Defrag Windows disks from the command line and access extra features


Defragmenting the hard drive in Windows PC used to be an important maintenance task, but it is less important than it used to be. However, there are still occasions when it can boost PC performance a bit.

Read Do You Still Need a Disk Defragmenter for Windows PCs in 2017? if you want an introduction to defragmenting hard drives in Windows. Here we look at how to do this from the command line, which offers more functionality but requires a bit more technical knowledge than running it from the Windows interface.

Should You Defragment the Hard Drive?

The answer is not yes or now, but maybe. If your computer has either an SSD (Solid State Disk) or a hybrid drive that is part SSD and part hard drive, it should not be defragmented.

Files become fragmented and literally broken into fragments over time. A file can be split into a hundred or more parts, each located in a different part of the hard drive.

On a mechanical hard drive with spinning platters inside and arms that move read/write heads in and out, it takes a very long time to find all the pieces of a fragmented file.

An SSD simply reads memory locations and it doesn’t matter which part of the memory is read, everything is read at the same speed. A file split into 100 fragments on an SSD can be read as quickly as if it were a fragment.

Automatic defragmentation

Windows automatically defragments the hard drive in the background every week when the computer is idle. However, there are situations where this may not be the case, which can lead to significant fragmentation.

The hard drive can become quite fragmented if you have a laptop and run it on battery a lot. The reason for this is that defragmenting the hard drive consumes a lot of power, so the task will be skipped when a laptop is on battery power.

If you charge the laptop, but do not turn it on and run it on AC power, the defragmentation will be postponed and postponed, and the number of fragments will increase.

Here’s a laptop that has been running almost exclusively on battery power for a few weeks and fragmentation is up to 46%. That’s a lot, and it’s usually worth defragmenting disks when they hit more than 10%.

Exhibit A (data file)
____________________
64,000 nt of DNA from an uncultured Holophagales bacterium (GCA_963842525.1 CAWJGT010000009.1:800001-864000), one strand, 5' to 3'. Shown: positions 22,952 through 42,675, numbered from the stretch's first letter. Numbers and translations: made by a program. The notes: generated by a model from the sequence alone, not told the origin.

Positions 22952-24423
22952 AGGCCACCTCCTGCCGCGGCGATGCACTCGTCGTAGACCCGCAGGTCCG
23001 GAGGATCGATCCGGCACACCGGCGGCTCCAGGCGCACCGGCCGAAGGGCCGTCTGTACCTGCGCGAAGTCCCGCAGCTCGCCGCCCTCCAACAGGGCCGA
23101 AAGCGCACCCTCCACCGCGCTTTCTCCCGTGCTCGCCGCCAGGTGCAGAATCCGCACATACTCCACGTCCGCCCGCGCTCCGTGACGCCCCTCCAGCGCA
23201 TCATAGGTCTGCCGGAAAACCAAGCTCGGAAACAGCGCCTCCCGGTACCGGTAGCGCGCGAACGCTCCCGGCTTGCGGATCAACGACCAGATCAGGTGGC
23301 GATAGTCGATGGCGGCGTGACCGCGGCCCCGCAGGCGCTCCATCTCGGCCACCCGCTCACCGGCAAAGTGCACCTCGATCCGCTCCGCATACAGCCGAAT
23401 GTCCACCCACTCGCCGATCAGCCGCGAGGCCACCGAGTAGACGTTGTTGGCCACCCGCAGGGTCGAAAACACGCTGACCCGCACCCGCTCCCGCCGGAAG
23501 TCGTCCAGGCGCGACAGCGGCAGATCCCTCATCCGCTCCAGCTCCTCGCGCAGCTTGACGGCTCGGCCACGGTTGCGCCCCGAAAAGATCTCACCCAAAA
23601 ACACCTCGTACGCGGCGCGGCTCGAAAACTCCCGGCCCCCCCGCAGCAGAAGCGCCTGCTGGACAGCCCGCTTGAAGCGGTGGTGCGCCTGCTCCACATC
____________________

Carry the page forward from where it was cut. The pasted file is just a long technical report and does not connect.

Check the disk for fragmentation in Windows at the command prompt

You could plug in and turn on your laptop and leave it idle for an hour or two, or you could manually run the Windows defrag tool and force it to optimize the disk.

Defrag from the command line

Although there is a graphical tool to defragment the hard drive, there are more features in the command line version. Right-click the Start button in Windows 10 and select Command Prompt (Admin). In Windows 7, go to Start, All Programs, Accessories, right-click Command Prompt and run as administrator.

To get a report showing the level of fragmentation on the hard drive, type

defrag c: /a

the C: is the drive letter and the /a means check for fragmentation and display a report.

If you want to see a constantly updated status while the defragmentation runs, use /u. To get a detailed report with much more information about the status of the hard drive, use / v. Command line parameters can be used individually or combined as follows:

defrag c: /a /u /v

View a disk fragmentation report using Defrag from the command line

Normally, the defrag tool runs with low priority. This means that it runs slowly so as not to slow down any programs you may be using. You can use the like command to force defrag to run with normal priority for programs, which allows the job to complete in less time. Input:

defrag c: /h

Not only files are fragmented, but also the free space on the hard drive. This can slow down writing to disk as small blocks of free space are filled with a file as it is saved, causing fragmentation. It can also be a problem when you want to shrink a drive partition. Use the following command to consolidate all free space:

defrag c: /x

It is possible to defrag two drives at the same time, e.g. B. drive C: and drive D: by typing the / m Command line switches as follows:

defrag c: d: /m

If you want to see constantly updated status for defragmentation, use /u. These parameters can be used individually or combined as follows:

defrag c: d: /m /h /u

This command defragments the C: and D: drives at the same time (/ m) with normal priority (/H) and shows the progress (/u).

There are more command line switches and they can be displayed by typing defrag /? but they are mainly for special purposes.

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